Dr. Rebecca Brightman shares how the ongoing pandemic is affecting women
Just because the holidays are here, doesn’t mean that issues surrounding women’s health have hit pause. Our resident women’s health expert Dr. Rebecca Brightman took the time to share some of the most common issues that women have been coming to her with during the pandemic, why she thinks these issues are becoming more prevalent and what to do about them.
Since this pandemic started, women have been coming to me with a number of new issues. I’m hearing a lot of breast tenderness, not necessarily just from women who are perimenopausal. Some of them are post-menopausal. There may be a scientific reason, but I have recently heard more women than usual who are concerned about that, and they have to be appropriately evaluated. The overwhelming majority of women who have breast tenderness likely do not have breast cancer, but I would still suggest having a breast exam. It’s probably a hormonal issue, getting checked out is crucial, even if it’s just for your own peace of mind.
The other thing I’m seeing a lot of are urinary symptoms. Sometimes it’s a urinary tract infection, and if it is we’ll treat that, but often it’s not. I think a lot of this is stemming from prolonged sitting, and the easy access one has to a bathroom that makes many women feel like, “oh, I have to go.” I’m seeing more of what we call urgency and frequency, not necessarily associated with infections. It may be because the pelvic floor, which includes muscles that support the bladder, the vagina, and the rectum, have become overactive from prolonged sitting and the lack of change in one’s daily routine. But if you have symptoms of a urinary infection, you have to address it. Do not be put off because of the pandemic. Go to urgent care, or call your doctor.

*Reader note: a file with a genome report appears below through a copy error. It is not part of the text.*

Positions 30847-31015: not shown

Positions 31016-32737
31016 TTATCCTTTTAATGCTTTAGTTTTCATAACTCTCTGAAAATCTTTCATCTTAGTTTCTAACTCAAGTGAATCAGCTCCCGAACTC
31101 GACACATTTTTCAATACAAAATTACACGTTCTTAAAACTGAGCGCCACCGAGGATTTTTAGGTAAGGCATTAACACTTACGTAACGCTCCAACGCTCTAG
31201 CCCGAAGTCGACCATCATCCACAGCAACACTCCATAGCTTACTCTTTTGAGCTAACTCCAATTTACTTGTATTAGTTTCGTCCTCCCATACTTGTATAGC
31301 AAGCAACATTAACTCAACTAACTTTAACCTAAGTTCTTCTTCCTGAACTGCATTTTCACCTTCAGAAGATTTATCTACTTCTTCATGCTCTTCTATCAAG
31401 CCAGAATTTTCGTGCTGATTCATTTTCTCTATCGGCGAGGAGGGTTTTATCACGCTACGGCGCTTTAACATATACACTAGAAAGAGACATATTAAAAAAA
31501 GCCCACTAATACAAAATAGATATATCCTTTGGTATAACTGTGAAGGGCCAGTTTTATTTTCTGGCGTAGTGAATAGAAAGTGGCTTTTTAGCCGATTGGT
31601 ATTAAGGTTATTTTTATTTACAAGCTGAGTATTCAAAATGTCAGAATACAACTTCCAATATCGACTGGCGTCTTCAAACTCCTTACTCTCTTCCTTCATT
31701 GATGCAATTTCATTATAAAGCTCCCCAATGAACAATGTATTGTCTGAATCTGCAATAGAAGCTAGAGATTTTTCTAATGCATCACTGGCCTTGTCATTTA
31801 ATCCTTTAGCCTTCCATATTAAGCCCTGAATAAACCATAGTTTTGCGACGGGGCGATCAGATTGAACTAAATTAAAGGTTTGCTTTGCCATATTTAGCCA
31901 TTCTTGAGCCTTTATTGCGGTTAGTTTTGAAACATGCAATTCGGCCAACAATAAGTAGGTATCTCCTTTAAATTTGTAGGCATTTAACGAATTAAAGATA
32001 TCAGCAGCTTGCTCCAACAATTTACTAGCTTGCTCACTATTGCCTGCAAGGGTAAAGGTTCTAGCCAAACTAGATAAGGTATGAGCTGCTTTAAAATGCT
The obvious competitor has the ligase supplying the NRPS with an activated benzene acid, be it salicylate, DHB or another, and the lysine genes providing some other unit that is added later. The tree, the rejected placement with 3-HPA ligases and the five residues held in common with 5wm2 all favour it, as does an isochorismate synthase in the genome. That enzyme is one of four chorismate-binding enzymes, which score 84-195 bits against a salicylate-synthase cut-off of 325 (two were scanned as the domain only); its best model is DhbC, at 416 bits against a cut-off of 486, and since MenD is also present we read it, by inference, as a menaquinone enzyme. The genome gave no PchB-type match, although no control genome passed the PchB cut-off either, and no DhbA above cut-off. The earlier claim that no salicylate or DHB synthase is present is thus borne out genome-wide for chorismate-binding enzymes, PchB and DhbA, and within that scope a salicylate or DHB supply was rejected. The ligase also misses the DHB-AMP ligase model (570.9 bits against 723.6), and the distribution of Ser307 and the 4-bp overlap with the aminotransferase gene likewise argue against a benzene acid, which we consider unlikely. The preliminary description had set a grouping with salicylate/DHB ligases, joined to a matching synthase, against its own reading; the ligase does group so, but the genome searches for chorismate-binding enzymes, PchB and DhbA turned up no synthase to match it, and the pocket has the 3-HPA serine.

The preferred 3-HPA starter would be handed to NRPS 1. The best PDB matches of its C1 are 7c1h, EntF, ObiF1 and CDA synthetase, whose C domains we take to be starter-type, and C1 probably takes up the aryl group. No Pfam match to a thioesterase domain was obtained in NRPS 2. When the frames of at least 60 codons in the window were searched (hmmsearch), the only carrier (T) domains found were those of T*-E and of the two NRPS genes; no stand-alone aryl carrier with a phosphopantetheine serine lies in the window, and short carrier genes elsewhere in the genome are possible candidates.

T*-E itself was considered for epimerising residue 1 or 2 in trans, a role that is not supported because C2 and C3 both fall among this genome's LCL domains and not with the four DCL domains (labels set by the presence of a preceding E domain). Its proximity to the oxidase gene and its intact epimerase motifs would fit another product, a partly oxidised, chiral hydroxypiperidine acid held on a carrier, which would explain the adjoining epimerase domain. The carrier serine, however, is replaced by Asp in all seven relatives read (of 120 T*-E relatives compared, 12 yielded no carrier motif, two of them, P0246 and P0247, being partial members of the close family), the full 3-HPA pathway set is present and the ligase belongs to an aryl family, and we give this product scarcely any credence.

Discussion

In terms of general questions about the menopausal transition, there’s a book that I recommend to patients called Estrogen Matters. Some people might find controversy with it because it’s very pro-hormones, but if that’s something you’re open to it might be helpful. In addition, the North American Menopause Society has a lot of excellent, free, and accessible evidence-based information. So for those who don’t have prolonged access to a physician and want to be informed before they go in for their five minute visit with the doctor, that is a great place to arm yourself with information so you can ask the right questions.
I’ve also had a number of women come to me to ask about recent hair loss. There is evidence that Covid-19 may cause hair loss. I don’t know the relationship between hair loss and the virus, but we know for sure women lose hair during times of stress. It’s a condition called telogen effluvium, and it’s very common. Plus there is definitely a hormonal component. Many women start to lose hair during the menopausal transition. So for this woman, unfortunately it sounds like the perfect storm. A lot of women get into their 50s and they’ll say, “My hair is really thinning.” And the first question I ask is, “What are the hair patterns of the women in your family?” Even if your mother or grandmother’s hair is very thin, the good news is that there are oral medications and some topical medications that can be used, as well as some nutritional supplements that have proven efficacy. So speak to your physician. Going on estrogen might help, but if that’s not a possibility for you, I would suggest taking biotin. The other thing is, while we can blame things on the pandemic, and menopause, and heredity, it’s important to have lab work done. Anemia, thyroid abnormalities and certain vitamin deficiencies can also play a role with hair growth and hair loss.
I think women should be reassured that I’m seeing so much of this in my practice, and I think it’s in large part due to the pandemic. Women on estrogen tend to not lose their hair — it can really help stabilize things. But you have to remember that every organ system in the body is affected by hormones, and losing hair as you transition through menopause is totally normal.
Finally, a number of my patients have asked about new outbreaks of acne, or “mask-ne.” Acne because of stress, but also because of mask wearing and sweating. I think a lot of us feel like we’re 16 again, but not in a good way! If it’s a huge issue, speak to a dermatologist, but also just make sure you’re cleansing properly and at regular intervals. Use an antibacterial wash, focus on good oral hygiene, and wash your masks!
This piece has been edited and condensed.